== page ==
"He needs a big investment."

Translation:Il a besoin d'un gros investissement.

April 5, 2013



Why is grand not okay here?

April 5, 2013


When it comes to big sums of money, we tend to use "gros" instead of "grand":

  • un gros profit/bénéfice
  • un gros bonus
  • une grosse perte
  • un gros déficit
April 5, 2013


Thanks, sitesurf! But is it not okay to use "grand' here?

December 18, 2014

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There are expressions in every language where certain word just fit naturally and others don't. With financial investments, the word is "gros", not "grand". Sitesurf is trying to explain that even though a francophone would understand you, it is not the way they would say it. So let's go with natural French, not unnatural French, i.e., un gros investissement.

October 23, 2017


With sums of money, we use "gros, grosse, gros, grosses"

December 19, 2014


Just to make sure -- that means "grand" is wrong in those contexts?

December 19, 2014


Remember that "gros" has to do with volume and "grand" with various notions such as height or length.

So "grand investissement" would not sound incorrect, just a bit unusual.

December 21, 2014


If you said "un grand investissement", any French person would understand what you mean. It is just that "gros" is more usual.

December 20, 2014


Sorry for the continued questions, but would it sound weird? And would it be literally incorrect even if comprehensible?

December 20, 2014


Grand is accepted now, but I am glad to know the more natural way / how a native French speaker would say it. (July 2/18)

July 2, 2018


On peut dire ' Il lui faut un gros investissement' ?

Merci d'avance!

August 25, 2014


Oui, bien sûr. Now added, thanks.

August 25, 2014


I am a Finn and learning french in english, so this might be stupid question but anyway. Why "he needs" is translated "il a besoin". I think that "il a besoin" is something past and it should be translated "he needed" or "he has need"?

June 26, 2015


In French the noun is "un besoin" = a/one need.

But there is no verb derived from "besoin" (like besoiner or something of the kind).

Therefore, you have to use a 'periphrase' to express the verb "to need". This is formed with verb "avoir" + noun (no article).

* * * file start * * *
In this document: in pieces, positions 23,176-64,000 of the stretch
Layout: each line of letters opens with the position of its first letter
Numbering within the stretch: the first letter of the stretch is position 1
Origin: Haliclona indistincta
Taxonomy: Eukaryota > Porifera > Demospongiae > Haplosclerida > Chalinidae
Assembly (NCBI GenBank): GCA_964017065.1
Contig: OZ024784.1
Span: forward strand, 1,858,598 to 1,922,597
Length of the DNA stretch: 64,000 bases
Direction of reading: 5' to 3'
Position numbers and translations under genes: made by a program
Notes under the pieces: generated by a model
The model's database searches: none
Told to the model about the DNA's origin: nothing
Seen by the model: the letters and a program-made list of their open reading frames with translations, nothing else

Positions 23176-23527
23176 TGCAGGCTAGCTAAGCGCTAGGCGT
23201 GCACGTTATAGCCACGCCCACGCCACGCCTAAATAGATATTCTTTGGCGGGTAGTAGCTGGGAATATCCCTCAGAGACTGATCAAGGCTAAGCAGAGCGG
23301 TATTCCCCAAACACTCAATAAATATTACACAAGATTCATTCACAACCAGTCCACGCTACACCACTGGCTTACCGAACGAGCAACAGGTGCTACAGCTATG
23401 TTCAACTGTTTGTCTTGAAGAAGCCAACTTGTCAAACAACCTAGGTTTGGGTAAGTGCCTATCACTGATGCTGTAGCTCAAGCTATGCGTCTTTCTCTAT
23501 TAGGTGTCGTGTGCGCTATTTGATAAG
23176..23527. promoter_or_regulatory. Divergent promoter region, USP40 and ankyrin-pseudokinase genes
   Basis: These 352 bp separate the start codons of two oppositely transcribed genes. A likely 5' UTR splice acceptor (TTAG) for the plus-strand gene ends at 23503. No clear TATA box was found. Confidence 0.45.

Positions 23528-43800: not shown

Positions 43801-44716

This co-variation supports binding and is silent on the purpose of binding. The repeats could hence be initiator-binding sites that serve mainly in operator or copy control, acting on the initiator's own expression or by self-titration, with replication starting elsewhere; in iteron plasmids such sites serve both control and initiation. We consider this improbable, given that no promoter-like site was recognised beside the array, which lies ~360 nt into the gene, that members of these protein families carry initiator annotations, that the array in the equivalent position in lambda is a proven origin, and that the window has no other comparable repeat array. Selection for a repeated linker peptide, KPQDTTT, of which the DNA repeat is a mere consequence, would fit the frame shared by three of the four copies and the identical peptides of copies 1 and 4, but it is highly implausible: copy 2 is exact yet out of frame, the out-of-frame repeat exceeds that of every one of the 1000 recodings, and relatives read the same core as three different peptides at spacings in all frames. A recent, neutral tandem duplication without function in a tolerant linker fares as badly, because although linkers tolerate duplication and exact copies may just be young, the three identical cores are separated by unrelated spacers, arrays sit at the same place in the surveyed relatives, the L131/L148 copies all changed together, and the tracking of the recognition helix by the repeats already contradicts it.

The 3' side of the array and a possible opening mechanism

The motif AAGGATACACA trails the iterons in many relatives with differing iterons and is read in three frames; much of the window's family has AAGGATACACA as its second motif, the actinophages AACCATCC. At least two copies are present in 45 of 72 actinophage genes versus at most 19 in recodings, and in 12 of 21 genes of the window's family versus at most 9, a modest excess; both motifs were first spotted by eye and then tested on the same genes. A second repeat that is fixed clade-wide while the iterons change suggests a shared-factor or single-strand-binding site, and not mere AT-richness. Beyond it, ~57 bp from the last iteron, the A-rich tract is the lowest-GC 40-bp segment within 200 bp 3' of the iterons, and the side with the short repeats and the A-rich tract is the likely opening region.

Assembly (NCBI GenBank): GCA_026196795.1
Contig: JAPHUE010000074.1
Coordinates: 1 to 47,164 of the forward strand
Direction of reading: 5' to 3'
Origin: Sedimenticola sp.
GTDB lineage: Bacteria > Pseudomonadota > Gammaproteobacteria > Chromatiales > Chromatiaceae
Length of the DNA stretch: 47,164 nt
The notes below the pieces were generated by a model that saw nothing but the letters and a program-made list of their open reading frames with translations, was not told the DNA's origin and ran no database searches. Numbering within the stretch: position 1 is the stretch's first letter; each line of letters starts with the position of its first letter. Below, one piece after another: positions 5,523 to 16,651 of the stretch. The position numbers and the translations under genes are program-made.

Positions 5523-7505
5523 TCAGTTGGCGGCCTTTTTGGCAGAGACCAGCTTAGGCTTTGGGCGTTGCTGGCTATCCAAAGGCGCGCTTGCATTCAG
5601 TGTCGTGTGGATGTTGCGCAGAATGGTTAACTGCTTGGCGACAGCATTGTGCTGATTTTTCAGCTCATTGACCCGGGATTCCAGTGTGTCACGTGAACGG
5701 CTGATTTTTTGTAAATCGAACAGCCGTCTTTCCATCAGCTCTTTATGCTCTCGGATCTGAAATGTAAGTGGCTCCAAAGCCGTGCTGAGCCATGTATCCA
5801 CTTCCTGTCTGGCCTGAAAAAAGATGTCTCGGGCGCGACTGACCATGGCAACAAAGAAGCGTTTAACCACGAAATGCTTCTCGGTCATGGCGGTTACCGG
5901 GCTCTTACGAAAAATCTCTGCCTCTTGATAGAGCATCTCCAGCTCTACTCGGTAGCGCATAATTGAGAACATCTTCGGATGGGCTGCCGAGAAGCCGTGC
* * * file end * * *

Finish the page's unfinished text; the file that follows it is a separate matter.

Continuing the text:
Note that not only "besoin" has no verb, but a number of other nouns use this structure with verb avoir, mostly with a meaning linked with sensations or emotions:

  • j'ai envie (I feel like), j'ai peur (I am afraid), j'ai faim (I am hungry), j'ai soif (I am thirsty)

When you want to use any of these in past tenses, you just have to conjugate the verb avoir in the relevant tense:

  • hier, j'ai eu besoin de... (yesterday, I needed...) - compound past = passé composé
  • dans ma jeunesse, j'avais toujours peur de... (In my youth, I was always afraid of...) - past imperfect = imparfait
June 26, 2015


I keep missing these. Can someone explain what went wrong with: il faut qu'il ait un gros investissement

November 14, 2015


"il faut" can be simply constructed with a noun:

  • il lui faut un gros investissement = he needs a big investment
  • il faut qu'il ait un gros investissement = he needs to get a big investment
November 14, 2015


I used "gros" and was marked incorrect for not using "substantiel". I did this exercise a few days ago and "gros" was correct! I understand that Duo is trying to teach new words but sometimes it's too confusing.

July 30, 2017


Where had you placed "gros"? If you wrongly placed it after the noun, the computer-checker may have picked the next adjective you can place after the noun (substantiel).

July 30, 2017


Once it said gros was right.

December 9, 2017


I understand for this sentence, but in general I admit I don't know when to use "gros" instead of "grand." I've also noticed in other contexts like with a "gros cochon," but I still haven't figured out how/why that's different from a "grand cochon." Is it just a question of memorizing the words that take "gros" instead of "grand"?

October 20, 2018


"Gros, grosse, gros, grosses" is a 3D measure, a matter of volume or thickness or roundness.

"Grand, grande, grands, grandes" is a 2D measure, usually a matter of height or length.

October 22, 2018


I saw earlier a question about "un prix énorme", so i thought énorme would fit with investissement as well. But "il a besoin d'un investissement énorme" was not accepted. Can someone explain bit?

January 1, 2019


pourquoi pas 'grand'

April 10, 2019


So I cant spell. Why wont it accept my one or twoo letter error.

July 3, 2019


A teacher might be lenient with spelling errors, not a computer because it screens your answer sign by sign and compares it with the accepted translations from the database.

July 4, 2019
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